The birding changed between Halali and Namatoni. In Halali there were still a few Namibian specials, specifically Violet Woodhoopoe and Bare-cheeked Babbler (though I failed to find the latter at this site), by the time we got to Namatoni these had disappeared, being replaced by birds more common in the east. The camp staff at Halali have two or three owl species staked out, and it's well worth asking where the roosts are. Other birds of note included Kori Bustard and Red-crested Korhaan.
From a mammal perspective it was a great trip. The grass was still long which made it hard to find some things, and the waterholes were fairly full, meaning that the game was not as concentrated as it might be, but it was still brilliant. We saw Lion on every drive, and a good selection of plains game at almost every waterhole. Variety was less than similar parks elsewhere in Africa, but the size of the herds, and the ease with which we found predators made this a minor niggle. Elephant were strangely absent, with only one male being seen, though sign of their presence was everywhere. The star mammals for me were undoubtedly the Black Rhinos which are easier to see here than anywhere else in the world.Our mammal list included (Angolan) Giraffe, Black-faced Impala, Gemsbok, Springbok, Steenbok, Damara Dik-Dik, Red Hartebeeste, Blue Wildebeeste, Burchell's Zebra, Black Rhino, Elephant, Warthog, Kudu, Lion, Black-backed Jackal, Spotted Hyena, Black-tailed Scrub Hare, Ground Squirrel, Mopane Tree Squirrel, Banded Mongoose and Large-spotted Genet.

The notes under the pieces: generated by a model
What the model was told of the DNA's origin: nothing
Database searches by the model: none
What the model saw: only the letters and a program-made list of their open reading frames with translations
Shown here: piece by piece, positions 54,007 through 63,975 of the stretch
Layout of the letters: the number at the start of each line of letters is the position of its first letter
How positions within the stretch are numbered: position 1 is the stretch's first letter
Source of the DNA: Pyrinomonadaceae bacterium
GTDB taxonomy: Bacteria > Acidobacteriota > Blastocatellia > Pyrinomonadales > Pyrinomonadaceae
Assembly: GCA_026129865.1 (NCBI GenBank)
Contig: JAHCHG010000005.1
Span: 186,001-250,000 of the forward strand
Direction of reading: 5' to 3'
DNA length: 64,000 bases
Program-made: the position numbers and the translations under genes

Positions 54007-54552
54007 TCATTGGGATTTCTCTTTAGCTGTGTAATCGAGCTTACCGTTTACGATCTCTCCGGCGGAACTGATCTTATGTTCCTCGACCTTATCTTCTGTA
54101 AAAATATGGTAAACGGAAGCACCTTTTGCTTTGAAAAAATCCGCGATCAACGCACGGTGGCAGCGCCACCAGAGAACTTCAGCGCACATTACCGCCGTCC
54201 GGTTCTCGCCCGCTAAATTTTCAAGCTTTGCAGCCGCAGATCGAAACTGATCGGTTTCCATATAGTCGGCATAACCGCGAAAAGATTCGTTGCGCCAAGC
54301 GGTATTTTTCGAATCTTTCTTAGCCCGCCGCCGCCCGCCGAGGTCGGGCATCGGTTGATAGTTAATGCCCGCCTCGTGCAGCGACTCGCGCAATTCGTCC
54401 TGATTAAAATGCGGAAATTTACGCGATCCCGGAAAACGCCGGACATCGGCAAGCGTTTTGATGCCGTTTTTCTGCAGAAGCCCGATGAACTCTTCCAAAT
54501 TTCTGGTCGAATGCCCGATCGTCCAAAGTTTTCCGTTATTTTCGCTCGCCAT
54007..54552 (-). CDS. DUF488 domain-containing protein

We didn't get around to any night-drives, way too expensive, but we were treated to a visit in our camp at Namatoni gate by a Large-spotted Genet, as well as Black-backed Jackal.
Tsumkwe was also interesting, with the pans at Nyae-nyae being full to the brim, with breeding flocks of both Greater Flamingo and Lesser Flamingo. Lots of other waterbirds, including a surprise Slaty Egret on one of the smaller pans in the area, and a Bradfield's Hornbill on the Maun road.